Imagine the Internet is a vast hotel. (It probably looks a lot like the impossible hotel in The Shining, with hallways to nowhere and windows where they shouldn’t be.) You’re a guest in this Internet Hotel for the evening; you’ve just arrived from New York on the red-eye and you’re exhausted. You need something to pep you up – perhaps some music. But you’re too tired, disoriented and indecisive to pick, so you head for the concierge. “Excuse me, you look like you know your way around. Can you please just tell me what I should listen to right now?”
Songza, the Long Island City-based streaming music startup featured at Facebook’s f8 developer conference in September, has been building a massive database of playlists across genres and for a range of occasions. The site has more than 100,000 searchable playlists, from “Aggressive Dubstep” to “Girls Just Wanna Have Fun,” submitted by msuic experts and users. But if you’re not sure if you want to hear something funky or something fresh, Songza’s new Music Concierge feature can do that for you.
Music Concierge, which debuted today, will now be the central feature on Songza. First, give Songza some context. Are you working or studying? Still waking up? Taking the day off? Pick a genre and the site will serve up three playlists based on that, the time of day and the device you’re using. If you’re logged in, Songza also knows something about your tastes based on your listening habits and your friends’ favorite tracks and uses that intelligence to make suggestions. You can also see what’s been trending for the last three hours. Betabeat tried it this morning. “It’s Monday morning,” Songza said. We decided we were Feeling Confident and Looking Good, and picked the genre as “baller.” We are now chair dancing to Nicki Minaj’s “Starships.” It’s not what we thought we wanted to listen to, but it’s not not what we wanted to listen to. Starships were meant to flyyyyy… You’re probably right, Music Concierge.
It’s Songza’s move from “pull curation” to “push curation,” CEO Elias Roman, who prefers energetic music, music for cardio workouts and dance pop, told Betabeat by phone last week. Later this year, Songza will make a push for a voice-activated version to be integrated into car computer systems, so you can bark your music selection the way you’d yell at the GPS. “ROAD TRIP. I SAID, ROAD. TRIP. ROAD TRIP! Dammit, Songza!”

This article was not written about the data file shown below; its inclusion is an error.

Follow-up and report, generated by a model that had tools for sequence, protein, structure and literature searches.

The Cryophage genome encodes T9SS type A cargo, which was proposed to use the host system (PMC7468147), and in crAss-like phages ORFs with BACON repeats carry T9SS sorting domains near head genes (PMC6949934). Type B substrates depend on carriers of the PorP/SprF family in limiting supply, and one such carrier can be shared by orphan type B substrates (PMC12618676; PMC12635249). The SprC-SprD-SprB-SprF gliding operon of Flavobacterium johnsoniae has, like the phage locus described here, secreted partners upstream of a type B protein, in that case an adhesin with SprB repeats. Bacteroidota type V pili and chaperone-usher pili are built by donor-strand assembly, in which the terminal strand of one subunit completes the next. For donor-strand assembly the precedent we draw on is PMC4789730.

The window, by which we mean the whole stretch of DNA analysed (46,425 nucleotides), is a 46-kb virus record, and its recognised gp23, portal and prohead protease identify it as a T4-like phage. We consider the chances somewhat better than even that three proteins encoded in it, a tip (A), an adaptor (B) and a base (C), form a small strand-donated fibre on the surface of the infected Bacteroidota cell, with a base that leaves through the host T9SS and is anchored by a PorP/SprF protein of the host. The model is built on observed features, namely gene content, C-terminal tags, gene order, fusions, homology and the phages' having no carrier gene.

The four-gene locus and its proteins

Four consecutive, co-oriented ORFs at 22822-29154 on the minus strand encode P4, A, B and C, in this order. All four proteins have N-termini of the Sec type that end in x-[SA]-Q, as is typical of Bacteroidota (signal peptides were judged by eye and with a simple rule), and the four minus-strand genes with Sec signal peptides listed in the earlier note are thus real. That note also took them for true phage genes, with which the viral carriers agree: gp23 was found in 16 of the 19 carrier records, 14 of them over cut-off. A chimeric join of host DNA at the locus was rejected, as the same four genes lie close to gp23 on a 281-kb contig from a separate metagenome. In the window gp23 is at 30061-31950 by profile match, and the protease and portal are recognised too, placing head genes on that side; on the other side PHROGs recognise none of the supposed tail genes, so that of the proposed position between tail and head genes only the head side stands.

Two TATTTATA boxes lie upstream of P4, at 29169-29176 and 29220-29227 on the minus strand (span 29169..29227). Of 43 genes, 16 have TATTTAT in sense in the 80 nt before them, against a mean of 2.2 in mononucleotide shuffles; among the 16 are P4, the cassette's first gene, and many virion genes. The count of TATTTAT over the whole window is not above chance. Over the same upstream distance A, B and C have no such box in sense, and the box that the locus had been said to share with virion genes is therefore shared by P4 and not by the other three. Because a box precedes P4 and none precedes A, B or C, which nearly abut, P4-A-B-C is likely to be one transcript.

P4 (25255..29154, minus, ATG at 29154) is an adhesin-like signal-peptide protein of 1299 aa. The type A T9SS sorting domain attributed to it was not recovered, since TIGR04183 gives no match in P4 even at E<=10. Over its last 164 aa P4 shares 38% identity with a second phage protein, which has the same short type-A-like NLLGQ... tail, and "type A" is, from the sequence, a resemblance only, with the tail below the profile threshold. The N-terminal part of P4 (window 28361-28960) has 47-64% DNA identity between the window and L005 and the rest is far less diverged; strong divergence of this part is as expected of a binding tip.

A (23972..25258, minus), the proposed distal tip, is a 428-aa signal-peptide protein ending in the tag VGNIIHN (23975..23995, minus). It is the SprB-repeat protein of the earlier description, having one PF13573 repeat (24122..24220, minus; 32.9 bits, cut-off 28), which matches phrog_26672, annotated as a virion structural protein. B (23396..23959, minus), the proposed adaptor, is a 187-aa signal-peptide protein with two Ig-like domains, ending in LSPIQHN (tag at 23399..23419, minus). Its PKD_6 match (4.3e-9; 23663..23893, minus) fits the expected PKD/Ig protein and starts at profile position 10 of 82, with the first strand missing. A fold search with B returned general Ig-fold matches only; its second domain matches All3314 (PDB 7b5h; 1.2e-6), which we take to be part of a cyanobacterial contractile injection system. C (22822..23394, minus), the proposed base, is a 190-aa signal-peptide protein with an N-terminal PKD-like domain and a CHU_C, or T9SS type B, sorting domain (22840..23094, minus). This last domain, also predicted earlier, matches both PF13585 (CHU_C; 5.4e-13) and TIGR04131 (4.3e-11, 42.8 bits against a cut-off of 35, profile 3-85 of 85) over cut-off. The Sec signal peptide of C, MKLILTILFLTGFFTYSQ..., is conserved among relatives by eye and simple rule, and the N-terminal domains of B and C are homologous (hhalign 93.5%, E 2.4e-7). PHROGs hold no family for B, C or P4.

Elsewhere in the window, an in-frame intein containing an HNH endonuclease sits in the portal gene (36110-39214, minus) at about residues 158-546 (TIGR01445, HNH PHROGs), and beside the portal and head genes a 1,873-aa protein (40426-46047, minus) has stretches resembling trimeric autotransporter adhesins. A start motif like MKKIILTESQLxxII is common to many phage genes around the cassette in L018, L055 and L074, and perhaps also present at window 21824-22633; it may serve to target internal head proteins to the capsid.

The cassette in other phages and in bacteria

You’ll still be able to search for playlists, Mr. Roman said, but the concierge is really the main product.
Songza started out as a searchable database of streamable tunes, back in 2008 when it “rocked the college scene.” But Songza today is a very different company.
A little backstory. In 2006, a group of seniors at Brown University had a pretty good idea for a website where you could buy music priced according to demand. Long Island-based Amie Street was born. Songs on Amie Street started out free and incrementally ticked up to $.99 depending on how many times they were downloaded. Even Mike Arrington loved it. Meanwhile, nearby Songza was building the Google for music; Amie Street acquired Songza in 2009. The next year, Amie Street was bought and basically shut down by Amazon, one of Amie Street’s investors. Amie Street’s cofounders left to focus on Songza. “We said, the new thing was going to be streaming,” Mr. Roman told Betabeat.
Now, it’s now the second coming of Songza. Amie Street’s cofounders now call themselves Songza’s cofounders. (Songza’s original cofounders, Aza Raskin of Mozilla Fame and serial Chicago entrepreneur Scott Robbin, both left.) They raised an undisclosed seven-figure financing from Amazon, Deep Fork Capital and individual investors. The product relaunched in 2011. The company has nine full-time employees and 25 music experts.
Mr. Roman, who grew up in Queens, is trying to keep the company lean by working out of the affordable Long Island City. “Not yet a lot of startups out here,” he said, although there are lots of small, new companies. “It’s not quite Dumbo yet.” Before they raised funding, the company was “five guys living in a house on Hicksville, Long Island,” he said. And to think, now they’ve got their own concierge.